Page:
Curious why the currency is crashing so fast? Perhaps ask the 50% (and rising) annual inflation in the socialist paradise.
WSJ chimes in again:
“This new tourist rate is not as compelling as the black market, but it does represent a step in the right direction,” Russ Dallen, a partner at Caracas Capital Markets, said in a note to clients.
“For my colleagues on Wall Street that come down to Venezuela, now supposedly when you use your U.S. credit cards for expenses, you will get billed at this 11.3 rate, not the 6.3 rate,” Mr. Dallen added.
Sadly, for a government seeking to refill its coffers with much needed dollars in order to avoid what soon may be starvation as food distributors don’t have dollars with which to pay their vendors, it will have to be far more generous in what it offers those who have the greenback, instead of continuing to encourage the use of the black market, where the money is simply hoarded by enterprising members of the population.
Oh, and for those confused, the reason why the Caracas stock exchange is the best performing stock market in the world in the past year…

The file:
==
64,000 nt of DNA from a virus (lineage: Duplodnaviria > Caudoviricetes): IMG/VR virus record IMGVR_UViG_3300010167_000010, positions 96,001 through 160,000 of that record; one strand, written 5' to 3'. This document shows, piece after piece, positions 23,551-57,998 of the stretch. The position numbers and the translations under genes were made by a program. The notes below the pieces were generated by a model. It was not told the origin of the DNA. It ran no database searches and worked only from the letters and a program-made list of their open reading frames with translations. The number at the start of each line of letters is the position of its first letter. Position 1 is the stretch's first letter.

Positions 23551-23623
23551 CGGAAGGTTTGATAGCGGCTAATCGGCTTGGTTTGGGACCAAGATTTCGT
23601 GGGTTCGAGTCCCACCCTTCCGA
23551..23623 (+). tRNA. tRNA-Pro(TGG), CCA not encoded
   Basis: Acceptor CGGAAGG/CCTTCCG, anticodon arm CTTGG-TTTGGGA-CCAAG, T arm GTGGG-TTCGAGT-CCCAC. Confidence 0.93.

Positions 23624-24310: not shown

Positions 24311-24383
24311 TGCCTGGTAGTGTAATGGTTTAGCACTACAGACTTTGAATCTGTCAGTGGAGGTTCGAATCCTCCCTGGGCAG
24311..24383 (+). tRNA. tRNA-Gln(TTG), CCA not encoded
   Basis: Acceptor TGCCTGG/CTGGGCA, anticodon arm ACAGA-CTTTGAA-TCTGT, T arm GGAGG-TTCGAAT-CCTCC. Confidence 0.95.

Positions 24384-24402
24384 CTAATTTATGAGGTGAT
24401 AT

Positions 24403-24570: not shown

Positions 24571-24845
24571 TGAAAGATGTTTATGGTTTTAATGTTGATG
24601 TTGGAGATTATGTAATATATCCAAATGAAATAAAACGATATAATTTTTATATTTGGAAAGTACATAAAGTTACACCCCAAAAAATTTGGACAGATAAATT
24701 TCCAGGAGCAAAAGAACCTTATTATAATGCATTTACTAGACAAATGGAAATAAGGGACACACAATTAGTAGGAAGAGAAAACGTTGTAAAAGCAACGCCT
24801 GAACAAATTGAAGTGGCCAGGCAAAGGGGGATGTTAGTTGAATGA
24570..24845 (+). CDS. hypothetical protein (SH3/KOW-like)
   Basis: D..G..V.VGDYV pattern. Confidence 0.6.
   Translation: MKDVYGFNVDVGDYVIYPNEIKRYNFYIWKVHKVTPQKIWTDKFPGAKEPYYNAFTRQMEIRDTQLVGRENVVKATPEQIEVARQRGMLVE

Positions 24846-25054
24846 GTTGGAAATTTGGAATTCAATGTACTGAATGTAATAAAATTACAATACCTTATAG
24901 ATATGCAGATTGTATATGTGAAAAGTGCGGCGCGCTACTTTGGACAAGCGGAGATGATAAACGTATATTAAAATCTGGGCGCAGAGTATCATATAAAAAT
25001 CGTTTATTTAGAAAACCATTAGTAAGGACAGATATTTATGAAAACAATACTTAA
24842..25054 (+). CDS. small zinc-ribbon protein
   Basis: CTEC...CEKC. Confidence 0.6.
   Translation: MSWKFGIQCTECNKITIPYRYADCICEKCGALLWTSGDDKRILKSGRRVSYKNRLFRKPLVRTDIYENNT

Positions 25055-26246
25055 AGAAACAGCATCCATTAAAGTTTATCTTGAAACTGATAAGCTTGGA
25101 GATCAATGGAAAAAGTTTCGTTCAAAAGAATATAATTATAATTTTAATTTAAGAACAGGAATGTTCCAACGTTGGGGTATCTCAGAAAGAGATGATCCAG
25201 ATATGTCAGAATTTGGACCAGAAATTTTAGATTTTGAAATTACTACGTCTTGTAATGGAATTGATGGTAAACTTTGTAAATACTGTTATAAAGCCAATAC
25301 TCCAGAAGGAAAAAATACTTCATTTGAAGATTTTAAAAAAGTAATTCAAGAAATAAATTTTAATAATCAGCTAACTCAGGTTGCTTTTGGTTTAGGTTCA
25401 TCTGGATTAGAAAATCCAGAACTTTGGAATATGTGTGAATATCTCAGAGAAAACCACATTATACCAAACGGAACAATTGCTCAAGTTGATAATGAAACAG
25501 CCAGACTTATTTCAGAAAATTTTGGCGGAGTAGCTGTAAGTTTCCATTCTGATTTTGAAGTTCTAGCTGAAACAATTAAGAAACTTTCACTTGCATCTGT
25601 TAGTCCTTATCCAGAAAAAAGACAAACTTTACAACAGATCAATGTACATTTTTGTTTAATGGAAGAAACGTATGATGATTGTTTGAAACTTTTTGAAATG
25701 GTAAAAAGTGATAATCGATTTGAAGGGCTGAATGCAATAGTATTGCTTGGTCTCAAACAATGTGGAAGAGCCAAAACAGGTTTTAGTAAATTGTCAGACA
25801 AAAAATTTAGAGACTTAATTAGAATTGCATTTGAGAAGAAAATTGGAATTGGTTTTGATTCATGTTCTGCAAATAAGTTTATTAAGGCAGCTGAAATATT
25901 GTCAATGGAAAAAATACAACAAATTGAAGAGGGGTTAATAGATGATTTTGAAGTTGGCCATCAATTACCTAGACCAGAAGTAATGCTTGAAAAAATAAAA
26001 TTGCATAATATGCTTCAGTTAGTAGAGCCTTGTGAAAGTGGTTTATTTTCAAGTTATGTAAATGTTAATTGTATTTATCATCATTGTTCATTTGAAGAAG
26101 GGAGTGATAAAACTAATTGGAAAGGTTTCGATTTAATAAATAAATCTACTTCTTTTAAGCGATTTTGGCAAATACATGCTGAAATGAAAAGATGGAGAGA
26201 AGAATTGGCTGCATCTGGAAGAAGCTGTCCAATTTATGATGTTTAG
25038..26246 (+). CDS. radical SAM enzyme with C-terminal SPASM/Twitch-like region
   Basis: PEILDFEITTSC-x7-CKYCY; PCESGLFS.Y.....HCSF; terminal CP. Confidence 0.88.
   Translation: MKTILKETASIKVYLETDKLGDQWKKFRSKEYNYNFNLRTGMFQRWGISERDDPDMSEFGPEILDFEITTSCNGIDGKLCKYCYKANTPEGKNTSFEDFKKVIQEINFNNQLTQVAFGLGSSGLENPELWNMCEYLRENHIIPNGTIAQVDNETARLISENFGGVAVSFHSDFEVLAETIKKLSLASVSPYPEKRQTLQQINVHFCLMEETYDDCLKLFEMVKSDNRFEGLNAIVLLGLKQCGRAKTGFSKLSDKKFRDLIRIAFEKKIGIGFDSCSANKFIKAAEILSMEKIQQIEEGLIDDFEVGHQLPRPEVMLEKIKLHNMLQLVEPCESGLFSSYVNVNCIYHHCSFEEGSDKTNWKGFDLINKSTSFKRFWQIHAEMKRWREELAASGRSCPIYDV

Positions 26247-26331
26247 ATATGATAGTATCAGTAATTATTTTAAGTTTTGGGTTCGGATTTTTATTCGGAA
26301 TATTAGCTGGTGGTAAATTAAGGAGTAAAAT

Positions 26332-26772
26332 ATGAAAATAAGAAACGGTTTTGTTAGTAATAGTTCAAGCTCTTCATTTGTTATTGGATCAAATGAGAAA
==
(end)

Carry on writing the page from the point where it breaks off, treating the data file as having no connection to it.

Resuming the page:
… The answer is simple: follow the gray line showing the true “value” of the Bolivar.
Having just missed out of +500% returns in the Caracas stock market last year, the reality of a hyperinflating world continue to cause chaos in the real world of Venezuela. As Bloomberg reports, the bolivar’s 73% decline against the dollar on the black market in 2013 is fueling contraband and worsening shortages of food and consumer goods in a country with the world’s biggest oil reserves, adding pressure on President Nicolas Maduro’s government to devalue. Smuggling to Colombia has exploded as “professional shoppers” traffic in wheat flour, corn flour and milk leaving more than one in five basic goods out of stock at any given time. Regulated foods are just too cheap to stay on the shelves, “you can’t get anything in the shops here… it is taken to Colombia like a locust plague.”
Venezuelan taxi driver Jose Sotomayor drives four hours through army checkpoints every week from the city of Maracaibo to buy rice in Colombia for his family at 10 times the government-set price back home.
“You can’t get anything in the shops here, I don’t even bother going to them for basics anymore,” Sotomayor, 39, said in a phone interview. “All of our food is taken to Colombia, it’s like a locust plague.”
Sotomayor hasn’t seen rice for sale in the shops of Venezuela’s second-largest city since July, as smugglers snap up the staple for a maximum of 7.2 bolivars ($1.14) per kilogram, just $0.11 at the black market exchange rate.
How hyperinflation works…